Getting the perfect shot isn’t always down to the food, it’s often down to the hidden elements you’ve added to make the food look just-so
Food styling is a science as well as an art – it’s understanding the very structure of milk foam, the temperatures at which ingredients start to slip and slide around the plate, and what to use to stop something congealing. It’s the control factor to ensure you’re showcasing your creations in the best possible light, and there’s a lot to learn from the pros
Food photographer and stylist Manon Houston recommends that any beginners “collect references they like and study them to see how they can replicate the look or feel in particular styled images. Reference editorial magazine shoots or Pinterest for starters.”
When it comes to the kit and photography, Manon suggests that creators “buy a reflector to work with natural light, and a digital SLR camera with a 50mm lens which can be bought relatively cheaply but used to achieve great results. It’s fine to buy second hand, or you can buy a new one from about £250.”
Sometimes, stylists and photographers don’t even use food for the food – makeup sponges are used to keep taco shells open, hair products can make a better-looking “milk”, or spray-on deodorant makes a good icy “frosting” on a glass in a warm room. That’s not to say that you need to buy lots of niche ingredients or stock up on every possible shade of food colouring, it’s more that you need to think about your plating up as beyond just the raw ingredients, and if the finished plate doesn’t look good, be prepared to think outside the box: pastry sagging? Prop it open with something non-edible. Sauce not shiny enough? Consider adding something to make it glisten. Sauce too runny to be snapped? Pop it in a ramekin and have it on the side.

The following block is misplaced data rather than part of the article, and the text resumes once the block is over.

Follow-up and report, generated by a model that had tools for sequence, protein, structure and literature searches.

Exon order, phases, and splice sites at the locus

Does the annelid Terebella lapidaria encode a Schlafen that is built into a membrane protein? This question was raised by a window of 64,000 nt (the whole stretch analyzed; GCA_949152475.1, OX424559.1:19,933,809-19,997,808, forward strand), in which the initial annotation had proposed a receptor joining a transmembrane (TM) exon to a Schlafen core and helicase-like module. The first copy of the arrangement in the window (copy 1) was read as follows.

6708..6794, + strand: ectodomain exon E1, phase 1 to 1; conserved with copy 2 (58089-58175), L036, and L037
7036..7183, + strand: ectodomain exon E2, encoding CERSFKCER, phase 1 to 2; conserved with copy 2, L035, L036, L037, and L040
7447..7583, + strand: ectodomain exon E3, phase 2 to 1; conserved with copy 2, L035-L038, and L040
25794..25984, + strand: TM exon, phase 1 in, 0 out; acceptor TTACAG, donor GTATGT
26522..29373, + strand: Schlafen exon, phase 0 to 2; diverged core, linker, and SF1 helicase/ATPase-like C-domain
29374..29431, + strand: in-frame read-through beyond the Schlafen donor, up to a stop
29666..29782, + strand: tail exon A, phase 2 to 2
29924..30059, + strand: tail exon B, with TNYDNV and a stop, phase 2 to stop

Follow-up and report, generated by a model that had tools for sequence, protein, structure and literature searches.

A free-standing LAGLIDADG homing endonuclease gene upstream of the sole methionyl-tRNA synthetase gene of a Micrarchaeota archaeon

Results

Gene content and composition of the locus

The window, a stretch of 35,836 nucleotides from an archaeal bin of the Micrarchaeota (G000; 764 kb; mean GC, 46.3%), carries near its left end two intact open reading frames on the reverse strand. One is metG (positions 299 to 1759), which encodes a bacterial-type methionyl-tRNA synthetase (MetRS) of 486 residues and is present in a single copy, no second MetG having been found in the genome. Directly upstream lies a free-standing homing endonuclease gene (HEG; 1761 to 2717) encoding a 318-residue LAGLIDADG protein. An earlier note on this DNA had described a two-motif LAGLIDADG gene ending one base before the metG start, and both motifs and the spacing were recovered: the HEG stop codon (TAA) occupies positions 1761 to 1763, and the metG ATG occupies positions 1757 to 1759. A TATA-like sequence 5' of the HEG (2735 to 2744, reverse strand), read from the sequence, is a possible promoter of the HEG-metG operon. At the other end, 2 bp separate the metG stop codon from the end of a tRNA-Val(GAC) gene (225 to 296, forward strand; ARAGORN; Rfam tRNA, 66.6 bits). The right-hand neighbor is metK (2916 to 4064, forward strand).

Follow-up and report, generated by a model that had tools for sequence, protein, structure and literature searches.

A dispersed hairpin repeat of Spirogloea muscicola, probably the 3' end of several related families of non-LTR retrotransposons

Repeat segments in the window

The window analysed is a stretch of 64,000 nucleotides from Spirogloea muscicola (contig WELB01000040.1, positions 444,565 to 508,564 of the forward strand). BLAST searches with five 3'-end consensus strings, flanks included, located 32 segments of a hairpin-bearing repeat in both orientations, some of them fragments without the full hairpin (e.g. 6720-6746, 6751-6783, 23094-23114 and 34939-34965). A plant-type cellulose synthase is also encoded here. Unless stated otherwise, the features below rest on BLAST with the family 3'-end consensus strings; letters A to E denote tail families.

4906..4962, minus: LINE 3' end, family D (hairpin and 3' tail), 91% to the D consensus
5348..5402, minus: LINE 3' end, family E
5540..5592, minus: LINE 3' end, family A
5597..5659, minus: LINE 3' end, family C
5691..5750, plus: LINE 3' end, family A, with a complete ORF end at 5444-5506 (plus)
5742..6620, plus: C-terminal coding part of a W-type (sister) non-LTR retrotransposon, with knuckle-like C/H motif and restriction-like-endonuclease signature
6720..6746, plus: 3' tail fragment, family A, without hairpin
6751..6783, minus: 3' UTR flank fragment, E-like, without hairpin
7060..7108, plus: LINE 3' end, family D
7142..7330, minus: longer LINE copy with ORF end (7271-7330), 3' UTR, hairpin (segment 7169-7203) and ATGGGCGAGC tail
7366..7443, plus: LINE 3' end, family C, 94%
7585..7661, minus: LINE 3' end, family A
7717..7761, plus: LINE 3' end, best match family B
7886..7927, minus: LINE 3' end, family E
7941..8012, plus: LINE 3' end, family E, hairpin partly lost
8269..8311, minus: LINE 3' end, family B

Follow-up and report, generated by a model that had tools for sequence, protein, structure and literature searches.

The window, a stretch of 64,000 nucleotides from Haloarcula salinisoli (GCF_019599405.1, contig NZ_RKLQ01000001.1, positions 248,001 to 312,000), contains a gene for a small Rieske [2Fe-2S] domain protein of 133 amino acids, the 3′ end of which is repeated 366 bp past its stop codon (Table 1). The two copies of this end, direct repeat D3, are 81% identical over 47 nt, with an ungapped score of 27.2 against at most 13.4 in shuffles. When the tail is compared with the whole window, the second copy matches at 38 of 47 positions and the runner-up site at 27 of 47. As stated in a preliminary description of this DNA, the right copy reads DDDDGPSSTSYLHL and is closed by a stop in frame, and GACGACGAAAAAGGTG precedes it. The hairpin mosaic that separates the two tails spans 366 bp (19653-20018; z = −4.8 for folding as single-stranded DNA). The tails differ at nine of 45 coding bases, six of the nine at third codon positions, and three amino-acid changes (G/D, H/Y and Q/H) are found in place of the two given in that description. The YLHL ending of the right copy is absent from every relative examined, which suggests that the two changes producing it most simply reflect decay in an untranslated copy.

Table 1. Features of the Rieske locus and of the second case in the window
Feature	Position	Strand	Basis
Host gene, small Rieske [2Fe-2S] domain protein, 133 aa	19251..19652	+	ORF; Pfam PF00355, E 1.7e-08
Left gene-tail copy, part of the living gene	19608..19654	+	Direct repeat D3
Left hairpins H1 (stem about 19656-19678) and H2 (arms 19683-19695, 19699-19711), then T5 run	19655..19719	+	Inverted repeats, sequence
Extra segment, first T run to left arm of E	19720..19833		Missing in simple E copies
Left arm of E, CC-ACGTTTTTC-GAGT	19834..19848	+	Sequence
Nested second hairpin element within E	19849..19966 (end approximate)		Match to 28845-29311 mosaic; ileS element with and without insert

Food styling is all about bringing together all the components in perfect harmony, and sometimes, that means adding non-food elements, or plating up in a way that goes beyond the ordinary. Learning how to do it will be a process, but there are loads of helpful guides on YouTube.
Think to yourself about the elements of a dish you’ve found really hard to shoot in their full glory before – was it the texture of something, were you missing something like steam rising or frost settling? Did you find something looked droopy even though it was flavoursome? Tinker around with your styling, using a mixture of props and plating and you can ease out these kinks.